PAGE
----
“When it comes to healthcare legislation, malpractice reform continues to be at the top of their list of wants,” says Strazzella, adding that any meaningful reform may be part of later phases of the GOP’s plan to replace the Affordable Care Act (ACA). “Obviously, this will be a challenge to get through 60 Senators, but not necessarily impossible.”
Trump has shown he isn’t afraid to use executive orders to try to implement new interpretations of existing laws, but Strazzella says Republicans want to achieve malpractice reform with legislation, not executive orders. However, resistance is expected to increase.
“If malpractice reform continues to pick up steam, you will see the Trial Bar and the [American Bar Association] get very involved and active, where they will try to focus on the Senate to put out as many roadblocks as possible,” Strazzella says.
Scott Eldredge, JD, president of the Medical Malpractice Trial Lawyers Association and a shareholder with the Denver-based law firm of Burg Simpson, says that federal reform efforts are not needed, adding that most state reforms are “draconian and discriminatory.”
“Caps on damages just line the pockets of malpractice insurers, don’t help patients and arguably don’t help physicians,” Eldredge says. “Caps discriminate strongly against the person injured in a malpractice scenario compared to someone injured by a product.”
Eldredge says that physicians win 90% of cases that go to trial, and with the expense involved, there is no incentive for plaintiff attorneys to file frivolous malpractice suits. “I turn down 95 to 98 out of every 100 cases, and most good lawyers do the same thing because the cases are uniformly difficult and time consuming,” he says.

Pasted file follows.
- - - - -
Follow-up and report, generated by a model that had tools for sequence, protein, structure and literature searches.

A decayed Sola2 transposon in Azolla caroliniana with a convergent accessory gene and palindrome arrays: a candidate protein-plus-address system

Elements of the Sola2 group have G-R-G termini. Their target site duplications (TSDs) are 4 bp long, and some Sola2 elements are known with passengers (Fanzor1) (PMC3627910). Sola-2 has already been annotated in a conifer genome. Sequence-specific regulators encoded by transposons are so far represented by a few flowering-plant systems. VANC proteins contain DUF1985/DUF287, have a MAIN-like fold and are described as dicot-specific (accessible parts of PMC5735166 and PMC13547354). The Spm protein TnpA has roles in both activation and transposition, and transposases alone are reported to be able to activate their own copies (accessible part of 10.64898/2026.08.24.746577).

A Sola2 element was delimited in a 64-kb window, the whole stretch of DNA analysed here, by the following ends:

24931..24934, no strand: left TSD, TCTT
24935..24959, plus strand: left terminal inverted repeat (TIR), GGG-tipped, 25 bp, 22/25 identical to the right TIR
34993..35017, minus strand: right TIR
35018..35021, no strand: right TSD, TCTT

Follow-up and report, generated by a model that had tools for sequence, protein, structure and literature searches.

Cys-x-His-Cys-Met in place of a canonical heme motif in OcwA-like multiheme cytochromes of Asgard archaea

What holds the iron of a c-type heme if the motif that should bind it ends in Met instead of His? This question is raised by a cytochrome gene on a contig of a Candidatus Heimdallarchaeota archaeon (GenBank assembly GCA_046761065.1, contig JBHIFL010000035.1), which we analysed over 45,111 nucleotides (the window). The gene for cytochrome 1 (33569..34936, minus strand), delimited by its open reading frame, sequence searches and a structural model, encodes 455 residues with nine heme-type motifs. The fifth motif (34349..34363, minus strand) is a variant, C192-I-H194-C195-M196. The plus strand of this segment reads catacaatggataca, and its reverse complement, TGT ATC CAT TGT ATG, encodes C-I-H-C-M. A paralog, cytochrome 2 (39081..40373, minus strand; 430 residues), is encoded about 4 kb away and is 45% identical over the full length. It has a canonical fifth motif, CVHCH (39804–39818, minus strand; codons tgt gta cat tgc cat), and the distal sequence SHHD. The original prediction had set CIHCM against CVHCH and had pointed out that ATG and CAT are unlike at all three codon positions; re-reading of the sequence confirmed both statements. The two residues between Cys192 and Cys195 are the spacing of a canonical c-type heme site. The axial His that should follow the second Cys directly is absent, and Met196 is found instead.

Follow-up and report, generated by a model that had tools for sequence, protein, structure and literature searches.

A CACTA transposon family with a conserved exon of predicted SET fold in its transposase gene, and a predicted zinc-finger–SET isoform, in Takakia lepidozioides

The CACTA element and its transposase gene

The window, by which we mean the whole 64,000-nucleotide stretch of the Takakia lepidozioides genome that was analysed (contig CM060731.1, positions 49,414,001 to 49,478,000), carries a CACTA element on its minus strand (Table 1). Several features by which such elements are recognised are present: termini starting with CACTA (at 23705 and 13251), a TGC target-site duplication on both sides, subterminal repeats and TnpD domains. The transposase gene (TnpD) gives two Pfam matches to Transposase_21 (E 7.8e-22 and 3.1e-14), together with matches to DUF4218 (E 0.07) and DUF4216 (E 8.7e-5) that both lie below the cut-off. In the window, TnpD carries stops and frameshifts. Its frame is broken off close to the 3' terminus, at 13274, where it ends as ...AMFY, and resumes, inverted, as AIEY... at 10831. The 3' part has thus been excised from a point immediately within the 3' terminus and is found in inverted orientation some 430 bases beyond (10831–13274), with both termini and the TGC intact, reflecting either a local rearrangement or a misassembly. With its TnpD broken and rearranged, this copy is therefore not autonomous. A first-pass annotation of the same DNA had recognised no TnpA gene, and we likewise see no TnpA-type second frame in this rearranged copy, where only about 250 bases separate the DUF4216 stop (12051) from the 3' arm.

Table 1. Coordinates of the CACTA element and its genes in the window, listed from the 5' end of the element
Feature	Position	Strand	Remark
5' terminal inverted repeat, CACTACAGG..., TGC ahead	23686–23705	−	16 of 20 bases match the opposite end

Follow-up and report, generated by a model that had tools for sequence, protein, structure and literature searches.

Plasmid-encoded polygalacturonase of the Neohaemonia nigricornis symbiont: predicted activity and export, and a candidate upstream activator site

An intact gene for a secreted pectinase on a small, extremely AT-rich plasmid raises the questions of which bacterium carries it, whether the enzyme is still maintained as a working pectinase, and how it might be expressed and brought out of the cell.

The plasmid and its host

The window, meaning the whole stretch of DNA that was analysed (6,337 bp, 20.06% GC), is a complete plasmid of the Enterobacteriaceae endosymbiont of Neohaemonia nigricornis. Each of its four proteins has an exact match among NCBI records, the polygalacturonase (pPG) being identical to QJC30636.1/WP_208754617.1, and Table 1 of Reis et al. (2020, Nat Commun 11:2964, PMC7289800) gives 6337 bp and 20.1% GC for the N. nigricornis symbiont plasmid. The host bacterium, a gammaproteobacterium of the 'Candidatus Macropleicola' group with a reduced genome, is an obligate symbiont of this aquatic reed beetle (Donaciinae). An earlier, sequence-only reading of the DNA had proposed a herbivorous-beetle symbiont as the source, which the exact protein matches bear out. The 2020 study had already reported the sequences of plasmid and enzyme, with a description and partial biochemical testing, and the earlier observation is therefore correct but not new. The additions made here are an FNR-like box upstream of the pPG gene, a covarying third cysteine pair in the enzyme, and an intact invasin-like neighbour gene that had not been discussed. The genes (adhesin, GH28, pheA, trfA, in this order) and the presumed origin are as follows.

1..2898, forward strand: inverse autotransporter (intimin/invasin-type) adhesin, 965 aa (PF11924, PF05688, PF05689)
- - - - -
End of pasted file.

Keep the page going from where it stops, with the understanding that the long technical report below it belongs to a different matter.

On the federal level, Price could intervene within the framework of the ACA. A provision in the law authorized $50 million to evaluate alternatives to the existing system, but Congress never appropriated the money, says Anand Parekh, MD, MPH, internist and chief medical adviser for the Bipartisan Policy Center, a Washington, D.C.-based think tank.
“There would probably be support from both sides for this,” he adds. (When contacted by Medical Economics, Price’s office had no comment regarding malpractice reform, stating only that any change would come from legislative action. Previously, Price has supported reforms that included both safe harbors and healthcare courts or review boards in the past.)
Joyce says reforms probably need to be part of a larger healthcare package, otherwise they are unlikely to get enough votes to survive a filibuster. He also questions whether some Republican members of Congress actually favor reforms as much as they claimed during the Obama administration. “Now that we have a president who would be expected to sign this type of initiative, I think we’ll find out where all the members of the party really stand,” he says.
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An argument in favor of reforms that might garner bipartisan support focuses on defensive medicine and how it impacts overall costs, experts say. “There are estimates of significant revenue saved if reform is enacted,” says Joyce. “That could have a big impact on the overall healthcare picture.”
The money-saving goals of value-based care might help drive malpractice reforms, says Parekh, who notes that studies have shown defensive medicine costs the healthcare system billions each year. “Reducing defensive medicine might be something both parties can agree on, because practicing defensive medicine makes it harder for providers to get to their value-based care targets,” he says.
Alexandra Tien, MD, a primary care physician in North Dartmouth, Massachusetts, says the possibility of a malpractice suit doesn’t affect her decision-making. “I try to take good care of my patients and generally don’t order tests and imaging if I don’t think it’s warranted,” Tien says.
Whether malpractice reforms come to pass remains to be seen. Expert opinions on its chances range from “too early to tell” to “the political winds are blowing in the right direction.” Meanwhile, America’s doctors soldier on under the current system. “I don’t dwell on the threat of malpractice,” says Tien, “but then again, I have not been sued yet.”